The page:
John R. Saylor

Clemson University
Department of Mechanical Engineering
Clemson, SC 29634-0921
Phone: (864) 656-5621
Fax: (864) 656-4435

E-Mail: jsaylor "at" clemson "dot" edu

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Rain icon

Drop Dynamics

As raindrops fall, they oscillate due to natural instabilities, turbulence in the air and perhaps also due to vortex shedding from the falling drop. An understanding of these oscillations is important to the study of rain.

The natural instabilities that drops undergo are revealed in the following animations which simulate the three modes of the fundamental harmonic of a drop. These three modes are referred to as axisymmetric, transverse and horizontal (animations by Brian K. Jones).



axismmetric mode Axisymmetric Mode

transverse mode Transverse Mode

horizontal mode Horizontal Mode

The following images show some sample images obtained from a high speed video camera, of falling drops. These images reveal oscillatory behavior. These are not the true drop oscillations that would be seen in falling rain drops because these drops have just been released. However, the images illustrate general oscillatory chacteristics.


Oscillating drops just released from
	nozzle

Oscillating drops just released from
	nozzle

Oscillating drops just released from
	nozzle

Oscillating drops just released from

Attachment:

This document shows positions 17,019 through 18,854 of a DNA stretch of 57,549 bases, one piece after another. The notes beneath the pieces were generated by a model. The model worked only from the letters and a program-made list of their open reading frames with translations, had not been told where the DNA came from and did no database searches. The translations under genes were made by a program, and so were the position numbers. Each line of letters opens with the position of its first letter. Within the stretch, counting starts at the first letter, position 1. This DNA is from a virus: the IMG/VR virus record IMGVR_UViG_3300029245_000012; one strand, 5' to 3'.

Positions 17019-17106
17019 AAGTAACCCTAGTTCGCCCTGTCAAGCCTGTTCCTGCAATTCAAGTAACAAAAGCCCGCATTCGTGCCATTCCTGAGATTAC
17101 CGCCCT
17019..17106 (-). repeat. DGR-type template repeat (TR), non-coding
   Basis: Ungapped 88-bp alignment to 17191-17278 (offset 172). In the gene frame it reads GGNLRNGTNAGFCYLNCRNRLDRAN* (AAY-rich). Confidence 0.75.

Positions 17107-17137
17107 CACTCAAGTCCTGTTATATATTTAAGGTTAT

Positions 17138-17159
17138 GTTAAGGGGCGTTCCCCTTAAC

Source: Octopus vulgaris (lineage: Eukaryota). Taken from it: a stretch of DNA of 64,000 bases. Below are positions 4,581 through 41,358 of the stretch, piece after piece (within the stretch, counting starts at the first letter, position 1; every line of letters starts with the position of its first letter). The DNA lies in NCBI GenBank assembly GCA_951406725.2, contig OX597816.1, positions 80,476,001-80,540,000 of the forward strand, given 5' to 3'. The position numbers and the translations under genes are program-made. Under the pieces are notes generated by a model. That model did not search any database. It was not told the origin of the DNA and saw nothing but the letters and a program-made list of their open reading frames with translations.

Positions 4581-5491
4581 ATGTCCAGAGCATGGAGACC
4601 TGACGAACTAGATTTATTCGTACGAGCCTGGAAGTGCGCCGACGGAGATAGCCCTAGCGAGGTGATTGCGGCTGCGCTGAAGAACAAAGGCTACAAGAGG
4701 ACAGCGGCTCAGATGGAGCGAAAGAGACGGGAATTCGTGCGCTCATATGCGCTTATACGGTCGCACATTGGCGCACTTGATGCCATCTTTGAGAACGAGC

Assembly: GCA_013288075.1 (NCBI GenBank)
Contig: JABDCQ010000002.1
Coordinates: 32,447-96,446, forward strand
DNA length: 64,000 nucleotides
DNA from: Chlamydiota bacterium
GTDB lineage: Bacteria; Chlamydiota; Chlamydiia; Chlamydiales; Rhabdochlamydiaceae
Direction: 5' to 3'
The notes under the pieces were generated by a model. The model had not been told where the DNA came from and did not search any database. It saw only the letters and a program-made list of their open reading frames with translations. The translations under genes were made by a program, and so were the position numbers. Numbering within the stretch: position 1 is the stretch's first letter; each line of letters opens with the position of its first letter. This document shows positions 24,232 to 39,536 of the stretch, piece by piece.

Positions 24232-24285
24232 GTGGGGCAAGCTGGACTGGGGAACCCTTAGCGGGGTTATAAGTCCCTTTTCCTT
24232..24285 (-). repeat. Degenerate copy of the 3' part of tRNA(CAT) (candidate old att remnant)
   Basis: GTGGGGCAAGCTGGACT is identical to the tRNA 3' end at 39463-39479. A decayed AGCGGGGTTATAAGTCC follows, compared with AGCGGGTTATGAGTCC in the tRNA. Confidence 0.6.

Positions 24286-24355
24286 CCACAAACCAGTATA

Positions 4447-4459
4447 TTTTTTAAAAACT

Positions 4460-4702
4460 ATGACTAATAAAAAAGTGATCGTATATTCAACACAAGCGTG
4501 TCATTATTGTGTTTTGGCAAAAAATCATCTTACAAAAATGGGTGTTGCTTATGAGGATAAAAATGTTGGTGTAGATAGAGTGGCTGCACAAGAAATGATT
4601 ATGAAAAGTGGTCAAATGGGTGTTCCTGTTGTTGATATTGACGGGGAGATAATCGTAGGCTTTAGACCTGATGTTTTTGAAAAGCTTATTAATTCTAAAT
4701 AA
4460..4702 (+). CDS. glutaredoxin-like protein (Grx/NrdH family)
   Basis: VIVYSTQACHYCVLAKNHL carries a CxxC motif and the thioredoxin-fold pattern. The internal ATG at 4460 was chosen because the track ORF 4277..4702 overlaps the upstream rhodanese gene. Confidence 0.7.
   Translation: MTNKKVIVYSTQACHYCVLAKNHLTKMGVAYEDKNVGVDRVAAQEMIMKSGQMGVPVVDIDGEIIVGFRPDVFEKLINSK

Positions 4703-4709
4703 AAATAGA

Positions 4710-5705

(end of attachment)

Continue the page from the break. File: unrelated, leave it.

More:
nozzle

Oscillating drops just released from
	nozzle

Oscillating drops just released from
	nozzle

(Images by Brian K. Jones)

In the above images, the top of the frame is located about 3cm beneath the hypodermic needle from which these drops were released, except for the far right hand side image where the top of the frame is much further from the needle. This last image shows how the initial oscillations caused by snap off of the drop from the needle dies away. Once the drop falls much further it reaches terminal velocity and other oscillations occur.

To study the oscillations that occur at terminal velocity, we have constructed a vertical drop levitation tunnel. By adjusting the air flow to a value equal to the terminal velocity of the drop, we are able to `float' drops, allowing them to be studied in a fixed coordinate system. Below are images of the vertical levitation tunnel constructed by Brian K. Jones taken shortly after the first drop was levitated (12/20/2002).


This tunnel follows the design developed by A. K. Kamra and can be found in "A vertical wind tunnel for water drop studies," Kamra, A.K. Sathe, A. B. and Ahir, D. V., Mausam , 37:219-222, 1986.





Last Updated November 10, 2010.